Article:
When you take a good hard look at the communication landscape today, the fundamental missing ingredient for most companies is a strategic communication plan. After all, if more companies were operating with a communication plan, it seems highly unlikely they would use algorithms to shortcut influence selection, invest more time into "viral" results instead of outcomes, or continue to use the punch list of collateral materials that defined most communication plans three decades ago.
But yet, they do. Companies will only advertise in the Yellow Pages because that is the only place they find clients (probably because that is the only place they advertise), fall prey to online algorithm schemes (foregoing homework for scorekeeping), and dumping quality content in favor of gimmicks meant to fool spiders into directing people toward their content. All of it is largely symptomatic of operating without a plan, which is why these five fresh picks might make you think beyond the quick fixes.
Best Fresh Content In Review, Week of November 8
• Five Things PR And Marketing Should Break Free From In 2011.
Three of the five suggestions from Priya Ramesh, not surprisingly, are printed: Yellow Pages, newsletters, and brochures. She has a point. The digital editions of such communication devices are more engaging and less wasteful, which is why she concludes that traditional press releases and meetings without purpose could go too. While I might argue that some of these seemingly dated communication vehicles sometimes have a time and place, the real takeaway from Ramesh is to reconsider the company's communication. The days when every company must have this, that, or the other thing are long gone.
• Klout Versus Reality.
The most popular "influence" measurement device online is Klout despite the shortcomings of the service. It continues to receive praise and accolades from a handful of people intent on elevating their "activity" scores on Twitter (and optionally, Facebook). Klout has also done a masterful job at marketing, sucking companies into offering "rewards" across the server. According to Klout, it measures actionable items. However, the service mostly measures frequency. The more time you spend on the service, the more "influence" you supposedly have. Geoff Livingston offers up a host of other problems.
• Destined To Obscurity.
Ike Pigott calls it partly right. Too much of the Web is based on little more than vanity measures and spiders. Quality has very little to do with what becomes popular on the net. Sure, sometimes quality bubbles to the surface, but the primary reasons to communicate — to inform, persuade, teach, and inspire — are often trumped by searches and reciprocal sharing (networks of people who share whatever people who share their stuff share). And, as more people embrace the content creation of crap, quality tends to be buried at the bottom. It was the very reason we started this project.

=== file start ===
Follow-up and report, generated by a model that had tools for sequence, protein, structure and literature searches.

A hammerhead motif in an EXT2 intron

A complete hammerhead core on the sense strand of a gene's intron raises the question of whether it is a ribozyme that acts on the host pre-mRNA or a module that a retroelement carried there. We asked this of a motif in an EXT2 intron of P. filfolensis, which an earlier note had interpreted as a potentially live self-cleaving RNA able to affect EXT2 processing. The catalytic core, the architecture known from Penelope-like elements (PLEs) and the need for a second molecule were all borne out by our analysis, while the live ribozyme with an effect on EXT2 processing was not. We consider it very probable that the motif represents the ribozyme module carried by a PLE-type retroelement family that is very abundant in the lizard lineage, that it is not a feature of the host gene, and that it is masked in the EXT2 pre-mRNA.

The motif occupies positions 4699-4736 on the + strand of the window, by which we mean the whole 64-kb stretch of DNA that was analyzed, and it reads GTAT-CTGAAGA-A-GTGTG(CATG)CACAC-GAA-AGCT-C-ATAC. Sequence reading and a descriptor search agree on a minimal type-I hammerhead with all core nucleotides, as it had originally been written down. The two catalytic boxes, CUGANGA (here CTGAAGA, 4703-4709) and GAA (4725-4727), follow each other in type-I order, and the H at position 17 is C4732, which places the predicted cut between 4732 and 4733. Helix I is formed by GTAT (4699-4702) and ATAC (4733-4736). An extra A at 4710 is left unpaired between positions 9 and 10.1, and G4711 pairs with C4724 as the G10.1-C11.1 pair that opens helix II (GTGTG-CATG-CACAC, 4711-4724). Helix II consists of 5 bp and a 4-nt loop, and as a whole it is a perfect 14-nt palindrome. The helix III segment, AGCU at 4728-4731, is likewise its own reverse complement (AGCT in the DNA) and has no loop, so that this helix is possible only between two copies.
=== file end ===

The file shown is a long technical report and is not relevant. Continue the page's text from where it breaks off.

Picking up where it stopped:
• Why Social Media Marketing For Foreign Languages Is Vital.
Guest writer Christian Arno shares an interesting study that suggests 83 percent of marketers are planning to increase their spending on social media, but only 26 percent plan to run campaigns in more than one country. The survey is shocking when you think about it, given that the Internet is has a population that far exceeds the reach of one country. While proximity marketing can be smart, planning to attract people from other countries can be smarter. Or, at least, removing some of the barriers. You cannot establish a presence online without thinking outside the imaginary boundaries that separate people.
• Humanizing Business & Brands: Your Ambassador Ecosystem.
There was plenty of push back related to a post by David Armano, given the abundance of name dropping and plug for his company's trust barometer gizmo. But if you look past all that, the models make sense in that they aim to provide a framework for the communication operations of a company. In many cases, companies don't have to adopt one or the other, but it does seem to me that companies ought to be taking more care in mapping out their communication models as part of their communication plans. Of course, we all know that most companies have no communication plan, but we can dream.